Error parsing XSLT file: \xslt\FacebookOpenGraph.xslt INDUSTRY INTERVIEW: Jon Walden, managing director of Lex
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INDUSTRY INTERVIEW: Jon Walden, managing director of Lex

Date: 31 July 2008

Jon Walden

Jon Walden, managing director at the UK's biggest leasing company, Lex, chats to Paul Barker about a diverse range of topics from recession to acquisition

Walden on.


Recession? It's imminent, it's happening and we'll see it when the figures catch up with reality.

I've been in this game a long time and seen it all before. Every recession has a different dynamic: the previous one in 2000 was over car pricing; in 1991, it was high inflation and high interest rates. So this is different in terms of how it will hit the market.

The volume of business has not been affected at all yet. In companies that are less well managed, recession shows up weaknesses straight away.

The slowing economic growth will have an effect on car fleets - people slow down replacement cycles and extend contracts, the less prosperous lay people off and even the well-off will look to cut costs.

...Capital allowances

How will the 160g/km divide affect lease rates, given the capital allowance changes? The object of the exercise is to incentivise manufacturers to produce more low-emission cars, so we're taking a look at how it will impact over a three- or five-year cycle. I think some rates will go up because of the difference between the two systems.

It will hit margins, but I remember when CO2 tax was brought out, everyone said that was the end of the expensive car, and it wasn't.

There are two competing forces: on the one hand, there are meddling politicians and hidden socialists who don't want people to have company cars, but recognise they are an important part of the economy; and, on the other, you've got fleet users and individuals who want a better car. As they get more prosperous and want a more expensive and more comfy car with better features, they trade up. Our annual chart of the average capital cost of a car never goes down, and in my view, it never will.

The car industry has always been pushing itself to lower emissions, not because it's environmentally friendly, but because of competition. Ten years ago, the cars in our car park would have been less environmentally friendly and smaller.

...Residual values

The economic slowdown is impacting on the price of second-hand cars - we've seen it already in 2008. Normally, the strongest period for the market is the first quarter, but we've not seen that this year because consumers are not buying houses and some are not buying used cars. It's not as bad as the last recession, but the market will get softer still. Inflation is low, but for anyone who runs a car or shops at a supermarket, their bills are going up much quicker than inflation. Buying a car can be postponed, it's a discretionary purchase.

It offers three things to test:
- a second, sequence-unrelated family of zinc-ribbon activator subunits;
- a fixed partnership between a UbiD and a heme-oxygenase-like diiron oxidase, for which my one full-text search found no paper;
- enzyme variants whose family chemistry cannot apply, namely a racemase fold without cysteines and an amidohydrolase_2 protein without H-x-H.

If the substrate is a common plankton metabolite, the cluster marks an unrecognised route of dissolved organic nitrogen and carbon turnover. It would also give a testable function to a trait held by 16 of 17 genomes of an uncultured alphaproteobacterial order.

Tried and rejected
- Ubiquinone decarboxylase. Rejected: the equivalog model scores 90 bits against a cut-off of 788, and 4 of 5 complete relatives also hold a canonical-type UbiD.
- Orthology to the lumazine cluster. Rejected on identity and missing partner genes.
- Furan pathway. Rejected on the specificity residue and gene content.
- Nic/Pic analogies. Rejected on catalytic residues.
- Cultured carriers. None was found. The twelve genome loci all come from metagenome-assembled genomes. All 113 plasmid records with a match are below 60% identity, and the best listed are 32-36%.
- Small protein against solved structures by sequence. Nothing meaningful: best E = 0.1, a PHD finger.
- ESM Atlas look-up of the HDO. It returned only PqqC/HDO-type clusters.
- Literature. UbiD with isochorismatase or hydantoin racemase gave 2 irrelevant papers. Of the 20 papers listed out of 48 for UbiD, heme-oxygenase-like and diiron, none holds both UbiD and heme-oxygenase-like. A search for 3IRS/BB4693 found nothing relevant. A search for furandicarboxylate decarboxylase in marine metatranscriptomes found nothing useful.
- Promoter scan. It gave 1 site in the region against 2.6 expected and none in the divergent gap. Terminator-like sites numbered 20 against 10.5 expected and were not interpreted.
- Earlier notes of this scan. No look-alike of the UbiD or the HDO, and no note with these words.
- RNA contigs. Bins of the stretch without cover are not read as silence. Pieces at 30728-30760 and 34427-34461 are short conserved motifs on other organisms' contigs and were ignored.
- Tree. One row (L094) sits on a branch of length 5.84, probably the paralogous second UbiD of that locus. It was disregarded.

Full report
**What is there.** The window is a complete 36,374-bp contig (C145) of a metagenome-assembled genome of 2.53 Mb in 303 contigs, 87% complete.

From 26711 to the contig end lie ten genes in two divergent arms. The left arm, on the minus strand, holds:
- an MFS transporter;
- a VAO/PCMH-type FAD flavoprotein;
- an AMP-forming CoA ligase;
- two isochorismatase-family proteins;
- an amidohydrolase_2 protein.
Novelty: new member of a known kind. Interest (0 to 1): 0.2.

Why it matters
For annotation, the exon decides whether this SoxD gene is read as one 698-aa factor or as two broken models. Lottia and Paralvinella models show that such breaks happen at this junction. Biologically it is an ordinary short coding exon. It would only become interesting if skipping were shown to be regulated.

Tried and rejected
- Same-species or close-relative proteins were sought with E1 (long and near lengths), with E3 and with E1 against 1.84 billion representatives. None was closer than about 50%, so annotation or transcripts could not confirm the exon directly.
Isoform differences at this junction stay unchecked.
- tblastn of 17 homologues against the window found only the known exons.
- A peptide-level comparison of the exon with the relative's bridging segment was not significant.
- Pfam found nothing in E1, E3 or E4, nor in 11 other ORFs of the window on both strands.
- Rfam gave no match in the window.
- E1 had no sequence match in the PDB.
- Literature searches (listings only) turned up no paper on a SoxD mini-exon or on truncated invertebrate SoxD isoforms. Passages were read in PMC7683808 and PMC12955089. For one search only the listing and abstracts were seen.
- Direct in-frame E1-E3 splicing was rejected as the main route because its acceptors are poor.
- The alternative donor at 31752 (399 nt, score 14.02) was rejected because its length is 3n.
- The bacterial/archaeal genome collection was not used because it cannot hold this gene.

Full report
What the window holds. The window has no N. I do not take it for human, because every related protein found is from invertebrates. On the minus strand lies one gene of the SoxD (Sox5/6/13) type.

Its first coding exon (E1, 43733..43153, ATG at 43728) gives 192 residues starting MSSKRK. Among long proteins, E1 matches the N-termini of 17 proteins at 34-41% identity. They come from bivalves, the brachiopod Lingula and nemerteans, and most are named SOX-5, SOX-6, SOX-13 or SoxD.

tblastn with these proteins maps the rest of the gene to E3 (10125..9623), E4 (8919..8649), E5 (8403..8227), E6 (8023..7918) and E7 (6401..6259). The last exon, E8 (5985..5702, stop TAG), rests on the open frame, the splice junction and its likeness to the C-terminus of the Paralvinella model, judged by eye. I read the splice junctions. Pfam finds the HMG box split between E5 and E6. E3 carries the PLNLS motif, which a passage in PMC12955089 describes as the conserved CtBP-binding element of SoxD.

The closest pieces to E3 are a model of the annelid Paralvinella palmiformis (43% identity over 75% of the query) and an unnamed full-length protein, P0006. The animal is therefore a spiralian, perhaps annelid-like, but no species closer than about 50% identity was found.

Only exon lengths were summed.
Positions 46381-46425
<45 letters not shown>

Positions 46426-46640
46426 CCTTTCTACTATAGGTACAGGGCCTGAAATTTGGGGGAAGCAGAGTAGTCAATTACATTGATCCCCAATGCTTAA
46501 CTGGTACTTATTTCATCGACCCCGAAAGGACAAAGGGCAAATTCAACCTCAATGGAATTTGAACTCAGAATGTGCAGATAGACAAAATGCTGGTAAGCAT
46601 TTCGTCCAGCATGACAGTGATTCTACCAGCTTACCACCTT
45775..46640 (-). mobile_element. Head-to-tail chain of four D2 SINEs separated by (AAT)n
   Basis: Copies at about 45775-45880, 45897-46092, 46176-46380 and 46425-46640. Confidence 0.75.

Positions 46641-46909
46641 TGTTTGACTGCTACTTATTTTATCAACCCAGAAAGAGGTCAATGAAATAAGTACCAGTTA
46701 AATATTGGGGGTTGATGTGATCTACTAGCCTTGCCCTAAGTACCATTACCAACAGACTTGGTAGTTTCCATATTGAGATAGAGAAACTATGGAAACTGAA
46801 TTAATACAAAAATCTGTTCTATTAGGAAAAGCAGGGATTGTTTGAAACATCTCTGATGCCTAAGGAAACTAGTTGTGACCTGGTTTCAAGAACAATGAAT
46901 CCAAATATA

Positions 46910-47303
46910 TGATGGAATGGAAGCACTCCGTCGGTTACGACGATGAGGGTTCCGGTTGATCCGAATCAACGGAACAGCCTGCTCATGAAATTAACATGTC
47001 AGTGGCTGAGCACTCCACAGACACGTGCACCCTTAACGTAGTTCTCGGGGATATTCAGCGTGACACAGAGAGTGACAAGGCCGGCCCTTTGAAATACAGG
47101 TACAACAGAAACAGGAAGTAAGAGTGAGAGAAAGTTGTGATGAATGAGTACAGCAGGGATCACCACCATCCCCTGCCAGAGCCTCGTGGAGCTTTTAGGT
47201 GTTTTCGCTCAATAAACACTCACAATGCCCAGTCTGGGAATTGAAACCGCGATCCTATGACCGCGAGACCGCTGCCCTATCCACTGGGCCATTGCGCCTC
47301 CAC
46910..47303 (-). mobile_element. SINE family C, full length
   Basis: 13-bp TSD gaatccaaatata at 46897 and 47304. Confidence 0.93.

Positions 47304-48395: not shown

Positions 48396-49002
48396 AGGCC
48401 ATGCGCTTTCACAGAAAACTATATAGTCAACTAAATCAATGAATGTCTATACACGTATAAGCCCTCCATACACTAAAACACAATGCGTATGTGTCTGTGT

Will it be as bad as the last downward cycle? No, but it will be uncomfortable for 2008 and most of 2009. I'm planning for the worst rather than hoping it will all go away.

I do think the market will soften further through 2008, and 2009 will be tough. Does that mean price drops of 10% like in 2000? I bloody hope not, but we won't see more of the used car price inflation like we saw in 2006 and early 2007.

...Consolidation and acquisitions

I've said for a long time that the leasing industry will consolidate, and it is, but not quickly. Bigger companies are getting bigger, but there's still a long way to go.

Lex has 15% of the car and LCV market. The next biggest, we believe, has around 8%, so larger companies have still got the opportunity to grow their market share. But our primary interest is quality not quantity - we want to be the best, and if we're the biggest, then that's good. But, we want profitable growth focussed on the quality of what we do.

We've won big outsourcing contracts like Ford and HSBC, but the last time Lex made an acquisition was before my time in 1988 in a deal for 3000 cars. We like to grow organically. It's the best sort of growth - controlled and chosen by us. If you buy another company, you're buying its strengths, but also its weaknesses, and we've never demonstrated to ourselves that it's the best way of growing. We look - like everyone - but we're never convinced it's the right track to choose.

...Lex growth

The overall market is growing at about 2-3% per year, so we're not going to be into double-digit growth. If we want to grow faster than that, we've got to win market share, and the way to do that is with great service.

From initial contact and integrating a client's business with your own, to doing what we've promised as well as adapting to a client's changing business - that's always been the Lex way, but customer needs are becoming wider. Ultimately, that will be more important than any acquisition deal. Acquisition is like taking steroids - there's a short-term boost, but it can also do longer-term damage.

Lex itself has gone through harder times and better times, and I'm never satisfied. I always think there are ways of doing things better, and sitting here with 15% of the market, I damn well know there's things we can do because we've not got 85% of the market.

...Green issues

We're not seeing any impact from 120g/km legislation. There has been a move to diesel, but that's stopped, and I don't see it going any further.

We've seen a growth in smaller cars with more spec and in larger cars with spec, but with the middle ground squeezed out - the growth of lower medium and supermini at the expense of upper medium.

We've started doing home working for a small number of people - eight or nine in Manchester - and it's working very well. Productivity has gone up and we want to expand it. In some roles - ones that require interaction with people - it's inappropriate, but if the cost of fuel keeps going up, it will be interesting to follow.